On the eve of the six-month anniversary of the Connecticut school shooting, the White House and congressional leaders vowed to continue pushing for new gun controls — but the aftermath of recent mass shootings suggests such an effort is easier said than done.
The failed effort in April to pass gun-purchase background check legislation in the Senate follows lengthy debates on the hot-button issue over the past few decades, some of which led to legislation after years of debate, while others petered out.
But before a packed room of victims of gun violence and their families, Senate Majority Leader Harry Reid — who was nearly endorsed by the National Rifle Association during his most recent re-election bid in 2010 — said this time is different.
"The writing is on the wall — background checks will pass," said Mr. Reid, Nevada Republican. "The only question is when."
Jillian Soto, the sister of 27-year-old Victoria, who was one of the six educators, along with 20 children, killed in December, said she was in Washington on Thursday to remind Congress what happened to her family and pointed out that six months after Sandy Hook, "There still hasn't been any federal action to protect us from gun violence."
President Obama began his 2011 State of the Union address by invoking the mass shooting in a Tucson, Ariz., parking lot that killed six and wounded 13, including then-Rep. Gabrielle Giffords.
Some lawmakers proposed new restrictions then; for example, Rep. Carolyn McCarthy, New York Democrat, introduced a bill to ban the possession of high-capacity magazines. But the call for bipartisanship Mr. Obama mentioned in his speech eventually gave way to the bitter fight in Congress over the nation's borrowing that summer — and talk of guns largely shifted not to new laws but the botched "Fast and Furious" gun-running scheme operated by the Bureau of Alcohol, Tobacco, Firearms and Explosives.
Still, White House spokesman Jay Carney said Mr. Obama and Vice President Joseph R. Biden aren't giving up on efforts to push through stronger measures to reduce gun violence.
Mr. Carney said both men also met Thursday with the families of the Sandy Hook shooting victims and the administration "will continue to fight alongside them."
But John Hudak, a fellow at the Brookings Institution who studies gun issues, said the prospects of any action on the issue in the next year are "exceptionally dim."
"If an event like Newtown couldn't move gun control, then I don't know there's a scenario short of ... political maneuvering that can move it forward," he said.
The 2007 Virginia Tech shootings, during which gunman Seung-Hui Cho killed 32 before taking his own life, prompted laws to expand the federal background check database, but the National Instant Criminal Background Check System has been plagued with holes and noncompliance from states — two points actually wielded by gun rights advocates during this year's debate.
In the past, it's taken much longer than six months for Congress to push gun bills across the finish line. James Brady, President Reagan's press secretary, was left paralyzed after he was shot by John Hinckley Jr. during the 1981 attempt to assassinate the Republican president. The bill requiring gun buyers to pass background checks named after Mr. Brady wasn't signed into law until 1993 by President Clinton.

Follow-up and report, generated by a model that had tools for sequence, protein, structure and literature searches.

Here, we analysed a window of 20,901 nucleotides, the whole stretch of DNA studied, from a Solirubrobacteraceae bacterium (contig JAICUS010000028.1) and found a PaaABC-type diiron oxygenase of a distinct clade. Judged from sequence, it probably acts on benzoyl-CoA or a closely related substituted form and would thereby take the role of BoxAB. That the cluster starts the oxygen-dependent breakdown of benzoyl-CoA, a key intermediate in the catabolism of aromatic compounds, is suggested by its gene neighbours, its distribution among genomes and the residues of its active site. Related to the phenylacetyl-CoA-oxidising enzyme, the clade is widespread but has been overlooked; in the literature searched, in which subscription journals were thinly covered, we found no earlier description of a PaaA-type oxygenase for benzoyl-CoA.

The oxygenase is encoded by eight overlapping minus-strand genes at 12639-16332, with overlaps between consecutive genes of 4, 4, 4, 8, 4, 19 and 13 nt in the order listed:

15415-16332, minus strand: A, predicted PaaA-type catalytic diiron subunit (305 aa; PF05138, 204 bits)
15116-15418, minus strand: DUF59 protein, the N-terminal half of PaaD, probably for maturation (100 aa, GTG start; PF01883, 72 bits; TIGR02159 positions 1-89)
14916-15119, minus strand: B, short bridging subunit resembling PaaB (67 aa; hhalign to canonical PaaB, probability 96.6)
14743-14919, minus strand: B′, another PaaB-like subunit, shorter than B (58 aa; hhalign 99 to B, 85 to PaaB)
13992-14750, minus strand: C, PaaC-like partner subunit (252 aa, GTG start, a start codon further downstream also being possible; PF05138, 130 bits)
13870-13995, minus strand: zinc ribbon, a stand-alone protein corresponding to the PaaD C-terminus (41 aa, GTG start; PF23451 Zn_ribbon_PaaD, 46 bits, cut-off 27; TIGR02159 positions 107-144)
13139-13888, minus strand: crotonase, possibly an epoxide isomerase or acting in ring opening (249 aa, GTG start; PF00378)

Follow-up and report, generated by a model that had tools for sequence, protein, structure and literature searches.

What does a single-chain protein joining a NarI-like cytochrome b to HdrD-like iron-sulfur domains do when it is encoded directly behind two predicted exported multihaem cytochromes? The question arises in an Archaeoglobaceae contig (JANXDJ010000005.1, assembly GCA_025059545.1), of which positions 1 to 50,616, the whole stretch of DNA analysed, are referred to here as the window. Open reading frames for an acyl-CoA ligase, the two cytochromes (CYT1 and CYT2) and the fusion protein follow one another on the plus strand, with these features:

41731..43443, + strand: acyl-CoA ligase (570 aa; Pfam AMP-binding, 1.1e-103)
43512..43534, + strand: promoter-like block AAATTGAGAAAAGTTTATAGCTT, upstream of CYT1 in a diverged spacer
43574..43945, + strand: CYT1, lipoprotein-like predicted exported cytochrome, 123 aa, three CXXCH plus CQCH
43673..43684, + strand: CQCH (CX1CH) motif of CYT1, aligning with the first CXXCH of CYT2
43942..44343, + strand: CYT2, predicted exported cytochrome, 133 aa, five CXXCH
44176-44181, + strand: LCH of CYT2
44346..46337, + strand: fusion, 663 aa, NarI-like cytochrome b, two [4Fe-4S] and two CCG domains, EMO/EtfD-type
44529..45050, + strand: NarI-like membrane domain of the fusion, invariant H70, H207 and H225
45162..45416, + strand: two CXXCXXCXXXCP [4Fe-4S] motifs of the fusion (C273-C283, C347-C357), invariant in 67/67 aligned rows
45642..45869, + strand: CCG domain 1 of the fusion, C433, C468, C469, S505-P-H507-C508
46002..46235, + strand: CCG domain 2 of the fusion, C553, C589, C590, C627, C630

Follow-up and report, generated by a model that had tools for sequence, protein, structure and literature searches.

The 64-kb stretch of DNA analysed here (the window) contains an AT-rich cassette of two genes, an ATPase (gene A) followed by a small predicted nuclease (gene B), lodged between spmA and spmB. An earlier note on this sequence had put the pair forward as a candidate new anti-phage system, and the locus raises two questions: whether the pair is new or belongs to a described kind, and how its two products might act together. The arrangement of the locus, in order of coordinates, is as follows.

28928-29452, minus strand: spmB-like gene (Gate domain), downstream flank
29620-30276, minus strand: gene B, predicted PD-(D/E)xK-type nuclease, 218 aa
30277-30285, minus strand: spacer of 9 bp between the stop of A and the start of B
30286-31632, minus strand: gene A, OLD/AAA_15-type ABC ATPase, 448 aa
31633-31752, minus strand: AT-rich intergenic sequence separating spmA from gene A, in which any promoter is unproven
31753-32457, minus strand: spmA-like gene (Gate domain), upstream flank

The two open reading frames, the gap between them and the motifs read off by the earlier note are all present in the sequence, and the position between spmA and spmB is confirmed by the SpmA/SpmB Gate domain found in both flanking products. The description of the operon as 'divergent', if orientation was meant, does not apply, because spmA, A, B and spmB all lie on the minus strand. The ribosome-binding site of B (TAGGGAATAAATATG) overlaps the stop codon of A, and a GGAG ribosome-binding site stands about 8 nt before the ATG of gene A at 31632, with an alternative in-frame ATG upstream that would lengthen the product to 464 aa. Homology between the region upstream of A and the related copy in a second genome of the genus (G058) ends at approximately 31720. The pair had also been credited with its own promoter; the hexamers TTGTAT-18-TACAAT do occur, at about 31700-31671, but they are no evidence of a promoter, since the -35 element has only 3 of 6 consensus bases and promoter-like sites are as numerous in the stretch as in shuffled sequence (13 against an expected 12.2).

It also took more than a year for Congress to pass a 10-year ban on so-called assault weapons after a gunman killed eight and wounded six in a San Francisco law office in 1993 before killing himself.
But after the 1999 Columbine shootings, a measure to close the "gun show loophole" failed to pass the House of Representatives after then-Vice President Al Gore provided the tie-breaking vote in the Senate.
"I think gun control advocates are right to be discouraged ... but this is sort of the failure they've been having for some time," Mr. Hudak said. "That said, I think Newtown was the best opportunity to get something done, and they were unable to do it."
Even if the Senate manages to come back and pass something, it would still have to get through the Republican-controlled House. Asked if meeting with Newtown families left him with any new thoughts about how to tackle the country's gun issue, House Speaker John A. Boehner said Bob Goodlatte, the House Judiciary Committee chairman, and Tim Murphy, Pennsylvania Republican, who has looked at mental health issues involved, have been working.
"And I'm hopeful that they'll continue their work," Mr. Boehner said.
Mr. Hudak said one silver lining for advocates from the past six months is that for really the first time, the gun control lobby has an organized structure and resources to push its agenda in the form of Mayors Against Illegal Guns, co-founded by New York City Mayor Michael R. Bloomberg, as well as other groups.
Mr. Bloomberg's group and the NRA have been airing ads either targeting or thanking key senators for their votes on the measure sponsored by Joe Manchin III and Sen. Patrick J. Toomey, Pennsylvania Republican. But Sen. Mark L. Pryor, Arkansas Democrat and one of four Democratic senators to oppose the bill, is actually using Mr. Bloomberg's targeting as a cudgel for his re-election campaign.
Mr. Reid said Thursday that he considers Mr. Bloomberg a friend and talked with him this week.
"To have Republicans control the Senate is a sure sign you will never, ever get anything done," Mr. Reid said. "I have given my input; I'm confident that he'll listen. But ... he's kind of a free spirit. And a very rich one."
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